1×13 “The Conscience of the King”
What if the real genocide was all the friends we made along the way?
1×14 “Balance of Terror”
The Romulans have kinda always been my favorite Star Trek bad guys, and this is universally recognized as one of the best episodes of TOS, so it’s pretty obvious where I stand on it.
The scene with Kirk and McCoy in Kirk’s quarters is like a drastically better version of the scene between Pike and his doctor in “The Cage.” McCoy’s little speech is hella Star Trekky, and genuinely moving to boot. “In this galaxy, there’s a mathematical probability of three million earth-type planets. And in all the universe, three million million galaxies like this one. And in all of that, and perhaps more, only one of each of us.” Legit chills. Probably my favorite McCoy moment ever.
I also love how like… TOS’s reputation is that it’s much more of a cowboy show and much less restrained than Golden Age Trek, and that reputation is admittedly deserved… but look how fucking seriously Kirk takes the possibility of opening hostilities with the Romulans. Even in the sillier, more action-oriented early years of Star Trek, there’s still room for healthy anti-war sentiment.
1×15 “Shore Leave”
You know kind of immediately if you’re going to like this episode or not. It’s incredibly silly, but I’m here for it.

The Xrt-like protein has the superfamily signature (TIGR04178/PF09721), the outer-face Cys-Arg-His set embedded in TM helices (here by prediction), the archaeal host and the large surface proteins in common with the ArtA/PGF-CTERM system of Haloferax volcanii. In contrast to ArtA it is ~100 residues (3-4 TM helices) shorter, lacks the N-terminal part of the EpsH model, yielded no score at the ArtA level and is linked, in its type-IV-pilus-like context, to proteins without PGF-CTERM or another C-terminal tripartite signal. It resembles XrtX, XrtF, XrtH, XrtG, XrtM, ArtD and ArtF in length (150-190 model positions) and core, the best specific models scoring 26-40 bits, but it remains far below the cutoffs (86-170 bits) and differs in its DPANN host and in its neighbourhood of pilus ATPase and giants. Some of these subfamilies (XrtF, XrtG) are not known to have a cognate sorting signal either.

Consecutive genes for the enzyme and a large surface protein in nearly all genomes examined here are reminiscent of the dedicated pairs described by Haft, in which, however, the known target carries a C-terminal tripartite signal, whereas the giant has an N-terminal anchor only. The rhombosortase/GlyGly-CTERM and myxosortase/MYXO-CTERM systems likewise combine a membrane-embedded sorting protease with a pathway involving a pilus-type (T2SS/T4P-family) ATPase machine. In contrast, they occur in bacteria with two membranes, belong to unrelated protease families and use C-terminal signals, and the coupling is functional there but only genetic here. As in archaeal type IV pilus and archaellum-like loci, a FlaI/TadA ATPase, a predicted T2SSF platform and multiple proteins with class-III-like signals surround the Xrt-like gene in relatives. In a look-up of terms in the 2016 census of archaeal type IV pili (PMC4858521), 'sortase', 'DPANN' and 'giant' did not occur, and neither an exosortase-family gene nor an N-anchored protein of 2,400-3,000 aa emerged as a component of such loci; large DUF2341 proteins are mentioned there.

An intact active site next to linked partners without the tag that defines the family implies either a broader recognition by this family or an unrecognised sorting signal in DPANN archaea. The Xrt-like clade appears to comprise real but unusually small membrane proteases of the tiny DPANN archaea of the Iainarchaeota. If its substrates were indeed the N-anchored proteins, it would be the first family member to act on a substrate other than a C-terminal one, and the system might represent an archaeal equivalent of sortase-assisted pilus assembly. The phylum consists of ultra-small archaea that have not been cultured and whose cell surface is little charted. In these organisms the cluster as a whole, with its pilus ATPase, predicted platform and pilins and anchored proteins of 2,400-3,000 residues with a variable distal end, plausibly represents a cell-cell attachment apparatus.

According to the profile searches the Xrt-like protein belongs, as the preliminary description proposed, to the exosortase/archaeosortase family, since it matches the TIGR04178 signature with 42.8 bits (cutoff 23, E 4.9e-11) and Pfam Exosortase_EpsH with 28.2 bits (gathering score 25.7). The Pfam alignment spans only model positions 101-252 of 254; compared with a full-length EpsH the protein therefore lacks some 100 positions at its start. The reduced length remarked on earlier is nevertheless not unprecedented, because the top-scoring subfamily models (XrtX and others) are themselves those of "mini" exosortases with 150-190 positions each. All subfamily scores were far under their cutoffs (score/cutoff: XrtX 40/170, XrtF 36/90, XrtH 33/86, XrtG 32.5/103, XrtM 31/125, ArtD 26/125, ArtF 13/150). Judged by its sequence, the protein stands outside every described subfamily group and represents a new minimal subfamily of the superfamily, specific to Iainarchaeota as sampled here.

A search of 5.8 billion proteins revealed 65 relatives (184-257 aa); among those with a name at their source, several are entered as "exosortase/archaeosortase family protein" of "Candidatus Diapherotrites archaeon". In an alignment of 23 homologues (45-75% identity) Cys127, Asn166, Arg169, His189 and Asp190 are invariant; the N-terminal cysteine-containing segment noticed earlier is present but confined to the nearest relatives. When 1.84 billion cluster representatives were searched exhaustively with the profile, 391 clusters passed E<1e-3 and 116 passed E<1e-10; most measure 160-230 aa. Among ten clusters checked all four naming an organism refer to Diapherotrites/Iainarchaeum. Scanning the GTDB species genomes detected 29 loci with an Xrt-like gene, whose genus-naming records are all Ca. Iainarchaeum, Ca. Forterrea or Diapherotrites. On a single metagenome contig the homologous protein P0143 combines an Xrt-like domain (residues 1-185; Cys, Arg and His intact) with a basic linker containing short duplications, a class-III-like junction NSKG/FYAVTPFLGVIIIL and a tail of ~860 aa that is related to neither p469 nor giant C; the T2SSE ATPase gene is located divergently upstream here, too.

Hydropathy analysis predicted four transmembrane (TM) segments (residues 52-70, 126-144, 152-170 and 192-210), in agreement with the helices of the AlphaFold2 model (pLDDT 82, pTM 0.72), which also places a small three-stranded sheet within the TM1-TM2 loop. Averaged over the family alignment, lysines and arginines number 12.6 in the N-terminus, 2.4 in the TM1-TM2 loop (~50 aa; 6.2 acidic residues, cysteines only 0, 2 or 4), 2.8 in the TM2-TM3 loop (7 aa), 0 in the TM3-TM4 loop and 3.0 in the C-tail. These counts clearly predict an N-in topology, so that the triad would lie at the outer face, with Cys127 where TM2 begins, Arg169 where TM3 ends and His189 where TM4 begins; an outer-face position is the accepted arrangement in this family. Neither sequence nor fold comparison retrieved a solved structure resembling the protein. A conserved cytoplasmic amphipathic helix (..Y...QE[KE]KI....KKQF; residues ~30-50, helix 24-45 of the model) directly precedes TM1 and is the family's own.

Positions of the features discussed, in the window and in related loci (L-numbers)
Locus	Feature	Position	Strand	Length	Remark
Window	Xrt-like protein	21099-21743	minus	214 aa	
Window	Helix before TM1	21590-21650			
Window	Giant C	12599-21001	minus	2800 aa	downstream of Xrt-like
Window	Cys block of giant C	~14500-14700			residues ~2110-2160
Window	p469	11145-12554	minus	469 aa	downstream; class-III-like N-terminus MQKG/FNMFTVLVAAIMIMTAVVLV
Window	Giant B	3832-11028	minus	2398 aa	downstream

Also, while the episode as a whole is pretty disposable in terms of Trek lore, there are two absolutely essential Kirk/Spock moments in here for shippers, so if that’s of interest to you at all I wouldn’t recommend missing this one.
1×16 “The Galileo Seven”
This is a Spock-heavy episode and I’m almost always game for Spock-heavy episodes. His commitment to peace and nonviolence is admirable, and for all the complaining everyone around him does, his logical approach really does give them the best chance of getting out of this extremely desperate situation. I might like more recent development of the character better than what we get here, but this is still one of the early TOS episodes that has aged the most gracefully. In spite of the foam spears and styrofoam rocks.
1×17 “The Squire of Gothos”
Kirk matches wits with a proto-Q who has been observing humanity from afar and doesn’t realize that because of the speed of light he’s actually observing humanity from hundreds of years ago. So he has the personality of some imperialist General (retired). And like, I get that this isn’t any worse than a lot of episodes I like, but for this kind of silly bullshit it just kind of either clicks for you or it doesn’t, and for whatever reason this one has never clicked for me.